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st: Query: Conditional Fixed-Effects Logistic Regression


From   C Johnson <cjj1@gpu.srv.ualberta.ca>
To   <statalist@hsphsun2.harvard.edu>
Subject   st: Query: Conditional Fixed-Effects Logistic Regression
Date   Tue, 25 Jun 2002 13:13:55 -0600 (MDT)

Dear all,

I am modelling selection of habitat covariates by grizzly bears.
Typically, we use logistic regression to contrast the environmental
features extracted from GIS databases at locations of monitored animals
(i.e., 1s) with random locations (i.e., 0s) that are meant to represent
the availability of habitats.  The resulting beta coefficients provide a
measure of the strength of selection.  I believe simple logistic
regression is inappropriate for two reasons:

1. Number of locations for each animal varies; pooling data leads to
muddied inferences as our true sample size is the number of individuals,
but one individual could contribute a large proportion of the use
locations;
2. Habitats are not equally distributed across the study area; a pooled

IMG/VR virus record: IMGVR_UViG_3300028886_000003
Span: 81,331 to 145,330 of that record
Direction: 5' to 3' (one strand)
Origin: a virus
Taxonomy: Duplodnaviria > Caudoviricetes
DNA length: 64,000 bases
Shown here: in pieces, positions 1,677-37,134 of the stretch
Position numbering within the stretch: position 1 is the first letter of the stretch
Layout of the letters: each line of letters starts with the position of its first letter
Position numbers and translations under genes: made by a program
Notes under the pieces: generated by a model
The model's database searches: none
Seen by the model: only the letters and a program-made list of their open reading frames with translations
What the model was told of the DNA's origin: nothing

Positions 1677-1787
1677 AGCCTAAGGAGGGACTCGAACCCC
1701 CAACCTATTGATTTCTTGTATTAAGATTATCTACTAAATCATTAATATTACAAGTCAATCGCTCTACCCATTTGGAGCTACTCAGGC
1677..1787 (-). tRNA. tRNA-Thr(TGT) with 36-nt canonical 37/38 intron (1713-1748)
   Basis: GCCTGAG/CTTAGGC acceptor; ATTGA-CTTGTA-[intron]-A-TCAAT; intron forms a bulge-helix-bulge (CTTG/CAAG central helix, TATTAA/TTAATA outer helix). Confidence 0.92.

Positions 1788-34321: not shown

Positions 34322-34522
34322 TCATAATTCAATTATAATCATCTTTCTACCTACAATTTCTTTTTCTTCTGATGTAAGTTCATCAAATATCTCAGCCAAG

model of all individuals does not consider habitat heterogeneity and the
resulting influences on the strength of the beta coefficients.

I am using Stata's implementation of conditional fixed-effects logistic
regression in an attempt to control for variation in the number of
locations per individual bear and heterogeneity in the availability of
different habitats across the study area.  I clustered data according to
individual bear ID and spatially explicit management units.  My work is
specific to bears, but I assume researchers from the human and social
sciences deal with similar issues when modelling cohort data for people.
There are a large number of approaches to dealing with clustered data and
I am hoping that someone will comment on the usefulness of conditional
fixed-effects logistic regression in addressing issues such as I outlined
above.  Any and all suggestions are appreciated.

Thanks in advance.

Chris Johnson



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